I think when coming here next, I would be mindful of ordering a nice balance of spicy and non-spicy dishes. I definitely want to try the fish/bean thread soup and the flower tofu dish...
Ruth made the astute observation that the "Classic" dishes on the menu were likely Americanized, which is a nice way of distinguishing the 'old Gold Mountain favorites' from the 'down-home-old-country' grub.
After lunch, a 50-50 cup of lime granita and chocolate ice cream from Sketch was the icing on a very spicy cake. Thank god that stuff melts or there wouldn't have been room for it.
It was a pleasure to meet so many Hounds - here's to future Chowdowns!
Great pictures, crispypork! I started salivating while looking over all the dishes again!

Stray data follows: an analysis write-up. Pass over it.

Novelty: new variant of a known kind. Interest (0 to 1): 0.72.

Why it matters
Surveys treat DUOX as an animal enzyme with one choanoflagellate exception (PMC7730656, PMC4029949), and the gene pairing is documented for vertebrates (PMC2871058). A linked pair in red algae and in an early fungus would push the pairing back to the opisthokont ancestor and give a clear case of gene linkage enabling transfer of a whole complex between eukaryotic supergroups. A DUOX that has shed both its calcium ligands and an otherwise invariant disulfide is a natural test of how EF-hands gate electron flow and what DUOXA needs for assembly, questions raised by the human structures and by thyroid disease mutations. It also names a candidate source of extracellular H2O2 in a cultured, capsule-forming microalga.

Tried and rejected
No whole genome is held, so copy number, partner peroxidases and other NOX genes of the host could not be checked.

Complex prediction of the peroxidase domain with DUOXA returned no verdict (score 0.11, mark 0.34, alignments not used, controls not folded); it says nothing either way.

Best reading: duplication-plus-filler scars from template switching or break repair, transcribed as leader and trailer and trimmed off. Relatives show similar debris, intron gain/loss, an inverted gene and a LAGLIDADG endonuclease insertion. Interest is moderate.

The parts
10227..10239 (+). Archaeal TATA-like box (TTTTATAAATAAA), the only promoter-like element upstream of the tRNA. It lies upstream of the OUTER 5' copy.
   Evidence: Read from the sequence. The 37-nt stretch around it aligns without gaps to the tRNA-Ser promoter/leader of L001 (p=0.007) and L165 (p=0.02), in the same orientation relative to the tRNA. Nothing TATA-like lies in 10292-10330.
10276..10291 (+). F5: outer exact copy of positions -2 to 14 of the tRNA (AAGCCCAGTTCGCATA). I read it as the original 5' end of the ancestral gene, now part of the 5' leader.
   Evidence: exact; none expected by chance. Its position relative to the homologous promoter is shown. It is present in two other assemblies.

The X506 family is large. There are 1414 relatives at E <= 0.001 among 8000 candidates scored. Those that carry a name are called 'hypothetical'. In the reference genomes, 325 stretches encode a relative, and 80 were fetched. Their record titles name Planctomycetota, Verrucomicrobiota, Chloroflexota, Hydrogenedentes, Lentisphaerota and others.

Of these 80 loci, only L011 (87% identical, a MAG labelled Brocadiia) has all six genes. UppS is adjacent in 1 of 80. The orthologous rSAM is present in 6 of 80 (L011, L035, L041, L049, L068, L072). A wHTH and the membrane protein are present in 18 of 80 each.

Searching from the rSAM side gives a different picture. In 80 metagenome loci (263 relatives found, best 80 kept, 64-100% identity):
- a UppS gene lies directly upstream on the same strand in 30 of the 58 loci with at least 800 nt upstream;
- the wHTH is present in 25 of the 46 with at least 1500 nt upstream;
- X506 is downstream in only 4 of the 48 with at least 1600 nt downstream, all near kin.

I too was at Ruth's table. Of the dishes we ordered, my favorites were the spicy boiled beef and the organic chicken dish, but truly, everything was delicious. The vegetable dishes we ordered were surprisingly good. I loved how fresh the loofah was, and we all concurred that the eggplant dish had excellent texture (not too mushy and slimy as it ends up at many other places).
Other standouts for me: the one bite of cumin lamb I got (thanks to David for the trade!), the super garlicky sauce on the water dumplings, and the nice chewiness of the zhajiang mian (the sauce itself was just okay.)
All in all, a knock out meal. It was fun to meet so many new hounds and to table hop in search of morsels to beg.
Thank you, Melanie, Daveena, Ruth, Lembert, Bryan. This was my first Chowdown and I hope the first of many to come.